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0

If the wheel is ruined, as some are stating, then it can't hurt to try to fix it. Go get a spoke wrench and a crescent (adjustable) wrench. If there is a spoke that needs adjusting (out of true, or out of direction which may be do to trying to true without holding spoke in place) take the crescent wrench and adjust it down so it gently grips the flat park of ...


2

You may have damaged your spokes. To be sure... you'd need to know how the wheel was built, but I'd bet dimes to dollars that the spoke was not properly supported while the nipple was adjusted and that is where your twist came from (e.g. they are damaged). Were the spokes held to keep them from turning/twisting while the nipples were being tightened? If ...


0

It's important to avoid twisting bladed spokes as much as possible, as twisting them ruins their integrity. Try using a spoke holder, which you can buy. Either that or you can easily make your own with plastic or wood.


5

I had the same issue and ended up taking a piece of very hardened plastic and melting a thin channel out of it the same width as the thin side of the spokes. In this manner, I could hold the blade in place while I was truing the wheel. I never had problems with them twisting when I wasn't cranking on the nipples, however. To be clear, I heated and melted ...


1

The key factor here is that the air at the hub is dirty - it's been disturbed by passing through the spokes and around the rim, so it's moving faster than the still air at the rim (slower relative to the bike), and it's turbulent. That makes improving aerodynamics both harder, and less important. The damage has already been done. Having a smooth outer ...


4

The answer is yes, a slightly narrower tyre will be fine. If you read the metric numbers off the tyre you're safer, because those have a fixed meaning. Inch sizes depend on the exact context (a 27" road tyre will be too big for a 29" mountain bike rim, for example). You probably have a 45-406 tyre, and are looking at a 35-406 tyre. The "406" part says it ...


2

If the problem happened to me and the noise sounded like it came from the hub, then I would start dismantling the hub to find out what's rattling. Hopefully just removing the quick-release skewer would reveal the problem, if the problem is in the hub. If the sound appeared to come from the rim, then I'd take the tire off and remove the inner tube (assuming ...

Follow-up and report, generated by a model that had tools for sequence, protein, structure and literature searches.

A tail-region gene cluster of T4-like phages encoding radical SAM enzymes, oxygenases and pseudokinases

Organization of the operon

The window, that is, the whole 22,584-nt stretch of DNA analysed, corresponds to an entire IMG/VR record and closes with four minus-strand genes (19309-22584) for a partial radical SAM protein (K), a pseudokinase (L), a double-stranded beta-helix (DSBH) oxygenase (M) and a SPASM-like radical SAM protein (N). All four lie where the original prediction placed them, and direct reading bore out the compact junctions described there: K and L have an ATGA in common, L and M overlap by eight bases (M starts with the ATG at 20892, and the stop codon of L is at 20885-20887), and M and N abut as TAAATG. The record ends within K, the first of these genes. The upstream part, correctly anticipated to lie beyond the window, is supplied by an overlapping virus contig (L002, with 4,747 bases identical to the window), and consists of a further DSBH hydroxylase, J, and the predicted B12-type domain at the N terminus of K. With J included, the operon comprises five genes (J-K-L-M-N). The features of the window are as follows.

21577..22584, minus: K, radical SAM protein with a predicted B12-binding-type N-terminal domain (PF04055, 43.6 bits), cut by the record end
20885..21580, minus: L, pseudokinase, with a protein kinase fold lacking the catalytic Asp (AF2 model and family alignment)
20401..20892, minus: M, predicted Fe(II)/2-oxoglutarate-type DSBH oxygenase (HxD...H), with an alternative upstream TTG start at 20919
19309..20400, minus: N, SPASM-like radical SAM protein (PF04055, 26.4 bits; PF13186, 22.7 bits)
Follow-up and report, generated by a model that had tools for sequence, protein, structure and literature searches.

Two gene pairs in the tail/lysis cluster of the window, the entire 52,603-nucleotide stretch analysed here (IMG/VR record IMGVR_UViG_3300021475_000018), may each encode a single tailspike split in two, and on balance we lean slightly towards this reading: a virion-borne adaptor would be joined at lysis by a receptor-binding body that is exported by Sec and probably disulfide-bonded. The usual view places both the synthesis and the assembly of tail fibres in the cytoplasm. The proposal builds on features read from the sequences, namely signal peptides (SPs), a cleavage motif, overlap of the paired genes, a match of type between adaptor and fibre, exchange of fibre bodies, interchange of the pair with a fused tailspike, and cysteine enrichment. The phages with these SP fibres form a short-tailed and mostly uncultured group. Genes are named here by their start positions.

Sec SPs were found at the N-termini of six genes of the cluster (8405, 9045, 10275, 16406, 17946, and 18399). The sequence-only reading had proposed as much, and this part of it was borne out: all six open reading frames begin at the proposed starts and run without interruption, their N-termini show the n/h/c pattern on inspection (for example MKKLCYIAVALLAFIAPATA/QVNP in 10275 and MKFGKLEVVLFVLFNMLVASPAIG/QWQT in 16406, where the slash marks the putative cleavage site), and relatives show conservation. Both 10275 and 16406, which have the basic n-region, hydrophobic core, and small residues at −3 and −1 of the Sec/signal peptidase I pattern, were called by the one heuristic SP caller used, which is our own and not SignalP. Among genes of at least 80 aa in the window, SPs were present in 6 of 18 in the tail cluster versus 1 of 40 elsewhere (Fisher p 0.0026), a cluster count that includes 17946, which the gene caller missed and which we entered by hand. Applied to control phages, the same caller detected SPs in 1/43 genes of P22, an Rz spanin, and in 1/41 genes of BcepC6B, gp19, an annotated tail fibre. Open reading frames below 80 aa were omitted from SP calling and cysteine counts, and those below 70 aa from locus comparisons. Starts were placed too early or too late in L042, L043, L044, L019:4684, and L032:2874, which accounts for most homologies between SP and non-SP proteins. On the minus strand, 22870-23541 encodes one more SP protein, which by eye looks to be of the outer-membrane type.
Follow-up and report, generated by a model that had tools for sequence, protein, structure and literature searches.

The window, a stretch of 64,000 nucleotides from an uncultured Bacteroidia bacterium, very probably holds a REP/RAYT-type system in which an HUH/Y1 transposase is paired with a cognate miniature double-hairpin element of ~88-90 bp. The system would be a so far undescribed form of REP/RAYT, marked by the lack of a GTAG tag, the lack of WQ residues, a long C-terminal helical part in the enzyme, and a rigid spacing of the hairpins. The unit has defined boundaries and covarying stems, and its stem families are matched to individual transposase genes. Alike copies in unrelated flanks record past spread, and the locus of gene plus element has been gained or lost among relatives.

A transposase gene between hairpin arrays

4

It could well be a nipple. Or some other bit of metal junk. Removing it is a good idea, just because you never want your bike to make metallic rattling noises as part of normal operation. Over a long time, and lots of wheeling your bike, the repeated banging of that object against the rim will damage it somewhat, but I expect you'd have to wheel it thousands ...


1

We did this in 1996 with a differential mechanism and by nullifying the torque at the steering. It was quite successful with various advantages like easy drive the sandy road / muddy / loose gravel without skidding, and no skidding of bike by turning the steering at max of 90 degree even at high speed. The bike was designed to take different speed ...


2

In terms of tire size, your practical choices on new bikes are between (a) 700c, (b) what's called 27.5 inch (or French 650b), and (c) conventional 26 inch. These are ISO sizes 622, 584, and 559, respectively, where the ISO size is the actual diameter of the rim in mm (whereas most other size numbers are plucked from someone's posterior and have no relation ...


4

Different wheel sizes have different advantages/disadvantages. Larger wheels tend to roll over obstacles better (more comfort), and be more efficient once up to speed. Smaller wheels (generally lighter) are easier to spin up to speed, more maneuverable for highly technical terrain and often thought of as stronger (owing to shorter spoke lengths). While it'...


6

As usual, Sheldon's got the answers. ISO 622 is the unambiguous way of referring to the following rim sizes: 700c (you see this marketing on road, hybrids; this is from the French system; the c is often dropped, but there are rare a,b sizes) 29"x decimal (you see this on mountain bikes; usually only applied to wide rims) 28"x decimal (particularly in ...


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27.5 vs. 29: Determining What Wheel Size is Best For You competitivecyclist.com/learn/27-5-vs-29 according to this article it increases tire serf ace contact with trail. That icreases friction=slow you down A 29'er will be like removing the lowest gear. One crank will move you further but, it takes more energy. Skinny tires reduce friction thus being more ...


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Some of the answer depends on what kind of riding and how much riding you do and how much money you want to spend. As a previous responder indicated some of the stock factory wheelsets are fairly inexpensive. Check Nashbar and elsewhere on the Web. But if you want to buy some time replace the spoke and put some liquid wrench on the spoke nipples and wait ...


6

I have to say I think this is a myth, for a properly built wheel. Spokes have threaded ends which the nipples screw onto. Like almost all screw threads, they are self-locking. Since the spokes of a properly built wheel are under a high level of tension, there is no "play" in the threads. In addition, any torque would have to overcome the high clamping force ...


3

As you ride, your wheel deforms slightly. This allows the spokes to vary in tension over the course of a revolution. If the nipple threads have play in them, then this cyclic weighting and unweighting allows the nipples to move. You may be suffering from low spoke tension over the whole wheel. Spokes twist when the nipple is tightened, which may result ...



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